Alexander Payne reunites with his ‘Sideways’ star Paul Giamatti for this wistful 1970-set character study

The Holdovers

Source: Toronto International Film Festival

‘The Holdovers’

Dir: Alexander Payne. US. 2023. 133mins

In The Holdovers, a lifetime of disappointment, resentment and regret are etched on the weary face of Paul Hunham, an unpopular prep-school teacher played beautifully by Paul Giamatti. Reuniting with Alexander Payne, who directed him nearly 20 years ago in Sideways, the Oscar-nominated actor again portrays a grumpy failure trying to make sense of how everything went wrong. If anything, Giamatti finds even deeper reserves of dark humour and bottomless melancholy as this instructor, who must supervise one of his malcontent students over the holidays since the teen cannot be with his family. Featuring excellent supporting performances from Da’Vine Joy Randolph and newcomer Dominic Sessa, The Holdovers is crushingly wistful in precisely the way moviegoers have come to expect from Payne.

Crushingly wistful in precisely the way moviegoers have come to expect from Payne

After screening in Telluride and Toronto, this gentle comedy heads to the London Film Festival before opening in select US cities on October 27 followed by a nationwide release on November 10. (A UK release is scheduled for January.) Fans of Payne’s earlier work, especially Sideways and The Descendants, should be enticed, especially once reviewers praise The Holdovers as a comeback after 2017’s poorly-received Downsizing

Giamatti plays Paul, a patronising ancient-civilisations teacher at Barton Academy, an all-male prep school in New England in 1970. An alum who considers it his responsibility to demand excellence from his students — even though many of them are dullards who got in because of their rich parents — Paul is furious to learn he has been assigned to chaperone students who must remain on campus during the holidays because they have nowhere else to go. He is particularly unhappy that one of them is Angus (Sessa), who is bright but insolent. Together with Mary (Randolph), Barton’s sarcastic cook, Paul will try to make the best of an undesirable situation.

Payne’s eighth feature boasts so many of his trademarks — a bittersweet tone, unhappy characters navigating uneasy relationships with one another — it might be surprising to learn that this is one of his few films he didn’t write. (The screenplay is by television writer David Hemingson.) Nonetheless, The Holdovers fits neatly into his oeuvre, providing plenty of familiar pleasures that have not lost their potency. 

Most will correctly predict that the initial chilliness between Paul and Angus will melt over the two-week holiday break, but Payne unhurriedly charts that development, giving the two characters enough time to find common ground. Making his screen debut, Sessa possesses a naturalness that allows Angus to be vulnerable but also caustic. Sessa and Giamatti are well-matched, their rapport built around their characters’ quick-wittedness and similarly pessimistic worldview. Paul will come to appreciate Angus — the teen is far more complicated and soulful than most of his classmates — while Angus will watch Paul’s haughty demeanour evaporate as the student starts to understand what missteps brought him to this point.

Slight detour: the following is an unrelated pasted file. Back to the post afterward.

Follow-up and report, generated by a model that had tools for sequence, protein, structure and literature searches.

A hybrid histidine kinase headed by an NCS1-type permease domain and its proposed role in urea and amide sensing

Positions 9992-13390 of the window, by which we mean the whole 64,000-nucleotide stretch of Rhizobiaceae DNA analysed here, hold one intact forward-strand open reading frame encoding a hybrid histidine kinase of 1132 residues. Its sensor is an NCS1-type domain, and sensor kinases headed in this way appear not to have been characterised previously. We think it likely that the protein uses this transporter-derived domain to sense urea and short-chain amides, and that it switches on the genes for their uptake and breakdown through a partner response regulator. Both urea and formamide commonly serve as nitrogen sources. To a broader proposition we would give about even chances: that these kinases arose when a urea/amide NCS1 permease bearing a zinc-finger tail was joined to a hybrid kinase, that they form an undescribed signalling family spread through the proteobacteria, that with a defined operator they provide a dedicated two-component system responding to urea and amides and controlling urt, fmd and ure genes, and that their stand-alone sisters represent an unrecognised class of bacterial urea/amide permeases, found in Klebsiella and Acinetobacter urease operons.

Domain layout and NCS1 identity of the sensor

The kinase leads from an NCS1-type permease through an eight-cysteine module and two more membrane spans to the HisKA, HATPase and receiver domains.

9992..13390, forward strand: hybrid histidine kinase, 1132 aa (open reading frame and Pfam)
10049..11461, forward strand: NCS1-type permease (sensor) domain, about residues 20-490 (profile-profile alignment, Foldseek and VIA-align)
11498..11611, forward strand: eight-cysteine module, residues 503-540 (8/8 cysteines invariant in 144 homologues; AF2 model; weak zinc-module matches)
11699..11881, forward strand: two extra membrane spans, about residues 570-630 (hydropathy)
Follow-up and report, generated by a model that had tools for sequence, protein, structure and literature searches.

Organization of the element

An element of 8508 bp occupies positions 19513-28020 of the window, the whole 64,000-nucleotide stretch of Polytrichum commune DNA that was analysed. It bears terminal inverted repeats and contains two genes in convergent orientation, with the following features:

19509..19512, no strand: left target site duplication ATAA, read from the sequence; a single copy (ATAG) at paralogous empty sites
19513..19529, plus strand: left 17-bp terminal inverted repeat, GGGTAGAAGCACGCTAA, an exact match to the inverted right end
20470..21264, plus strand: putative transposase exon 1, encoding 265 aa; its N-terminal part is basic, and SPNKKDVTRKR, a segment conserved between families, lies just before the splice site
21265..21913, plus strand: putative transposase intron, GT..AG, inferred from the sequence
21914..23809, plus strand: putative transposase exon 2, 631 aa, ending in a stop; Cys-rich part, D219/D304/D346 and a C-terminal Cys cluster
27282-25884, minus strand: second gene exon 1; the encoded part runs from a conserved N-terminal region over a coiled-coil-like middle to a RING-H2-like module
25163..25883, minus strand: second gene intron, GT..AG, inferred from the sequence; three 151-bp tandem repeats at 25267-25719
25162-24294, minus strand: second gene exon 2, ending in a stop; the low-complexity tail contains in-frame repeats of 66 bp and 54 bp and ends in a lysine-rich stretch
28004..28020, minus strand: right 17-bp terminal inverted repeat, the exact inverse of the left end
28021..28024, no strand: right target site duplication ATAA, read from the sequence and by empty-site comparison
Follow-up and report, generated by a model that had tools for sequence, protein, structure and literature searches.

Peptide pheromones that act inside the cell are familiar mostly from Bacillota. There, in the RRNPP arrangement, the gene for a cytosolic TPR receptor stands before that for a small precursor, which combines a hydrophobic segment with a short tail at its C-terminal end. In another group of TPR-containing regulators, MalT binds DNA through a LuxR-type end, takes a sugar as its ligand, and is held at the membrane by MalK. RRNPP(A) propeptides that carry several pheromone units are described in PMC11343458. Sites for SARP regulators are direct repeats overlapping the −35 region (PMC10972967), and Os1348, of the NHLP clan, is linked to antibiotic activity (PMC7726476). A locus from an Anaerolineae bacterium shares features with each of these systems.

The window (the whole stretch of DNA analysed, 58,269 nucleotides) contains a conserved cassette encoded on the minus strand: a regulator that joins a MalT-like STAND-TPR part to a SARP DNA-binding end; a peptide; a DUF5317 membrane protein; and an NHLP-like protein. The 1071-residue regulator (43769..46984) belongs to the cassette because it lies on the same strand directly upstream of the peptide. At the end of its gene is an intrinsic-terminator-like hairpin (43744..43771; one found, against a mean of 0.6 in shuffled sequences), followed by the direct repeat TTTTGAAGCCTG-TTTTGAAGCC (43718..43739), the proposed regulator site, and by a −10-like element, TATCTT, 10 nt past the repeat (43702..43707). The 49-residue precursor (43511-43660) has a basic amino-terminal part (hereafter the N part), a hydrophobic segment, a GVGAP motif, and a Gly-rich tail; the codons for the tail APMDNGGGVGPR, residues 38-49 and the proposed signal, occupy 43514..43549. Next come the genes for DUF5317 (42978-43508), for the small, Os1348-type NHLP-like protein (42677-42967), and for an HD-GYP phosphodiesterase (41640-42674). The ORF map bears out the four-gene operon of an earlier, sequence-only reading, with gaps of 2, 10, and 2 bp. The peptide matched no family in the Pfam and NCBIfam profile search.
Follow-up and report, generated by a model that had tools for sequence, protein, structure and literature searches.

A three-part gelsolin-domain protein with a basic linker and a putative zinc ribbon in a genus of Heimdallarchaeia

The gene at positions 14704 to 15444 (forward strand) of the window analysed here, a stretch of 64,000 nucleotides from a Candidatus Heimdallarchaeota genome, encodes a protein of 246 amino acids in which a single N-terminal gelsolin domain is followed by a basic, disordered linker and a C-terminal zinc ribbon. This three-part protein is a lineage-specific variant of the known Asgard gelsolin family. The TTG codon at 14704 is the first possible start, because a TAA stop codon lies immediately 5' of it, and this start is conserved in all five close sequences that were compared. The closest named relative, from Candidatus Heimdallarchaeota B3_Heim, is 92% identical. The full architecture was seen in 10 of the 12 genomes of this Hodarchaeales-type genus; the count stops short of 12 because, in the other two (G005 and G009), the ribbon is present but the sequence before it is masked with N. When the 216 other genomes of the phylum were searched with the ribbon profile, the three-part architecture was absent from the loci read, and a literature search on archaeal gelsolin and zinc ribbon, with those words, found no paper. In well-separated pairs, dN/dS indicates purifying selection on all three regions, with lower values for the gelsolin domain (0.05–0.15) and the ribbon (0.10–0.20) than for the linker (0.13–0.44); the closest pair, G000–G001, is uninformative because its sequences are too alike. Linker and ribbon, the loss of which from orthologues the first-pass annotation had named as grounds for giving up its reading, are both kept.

Randolph gives her best performance since her breakout role in 2019’s Dolemite Is My Name, and while she’s normally associated with comedies — and is delightfully surly here — the real discovery is how terrific a dramatic actress she is. Mourning the death of her son, who was killed in Vietnam, Mary is single and alone, dreading the thought of her first Christmas without her boy. Lacking any other options, she is drawn to Paul and Angus during these quiet days at Barton, and the cast have an easy chemistry, never settling for broad laughs or treacly sentiment. Instead, Payne nicely juxtaposes the characters’ funny, cranky personalities with the prep school’s literal and metaphorical emptiness, which casts a light melancholy over every scene. 

Shooting digitally but altering the images to look like they were captured on film, cinematographer Eigil Bryld uses softer colours to suggest a bygone era – not to create nostalgia but, rather, to suggest the 1970s in American cinema, a hallowed period when idiosyncratic filmmakers were telling character-driven stories. Of course, Payne has always preferred that narrative approach, pinpointing the emotional truths of individuals who have experienced heartbreak. That is especially true of Paul, who has devoted his whole life to Barton, only to discover that perhaps the school (and its denizens) do not feel as warmly about him. 

Giamatti’s Sideways character was young enough to still have a chance to change his ways, but the older Paul sees less in front of him than he does in the rearview mirror — and this unusual Christmas will force him to be honest about his unfulfilled potential. Hemingson’s crisp dialogue, which has Paul speak in an affectedly elevated way in order to lord his intellectual superiority over others, provides clues into this teacher’s hidden sorrow, but the rest is provided by Giamatti; his resigned expression and his slumped shoulders. Paul thinks he knows everything, but he is the one with much to learn. 

Production companies: Miramax, Gran Via

Worldwide distribution: Universal Pictures

Producers: Mark Johnson, Bill Block, David Hemingson

Screenplay: David Hemingson

Cinematography: Eigil Bryld

Production design: Ryan Warren Smith

Editing: Kevin Tent

Music: Mark Orton

Main cast: Paul Giamatti, Da’Vine Joy Randolph, Dominic Sessa, Carrie Preston, Andrew Garman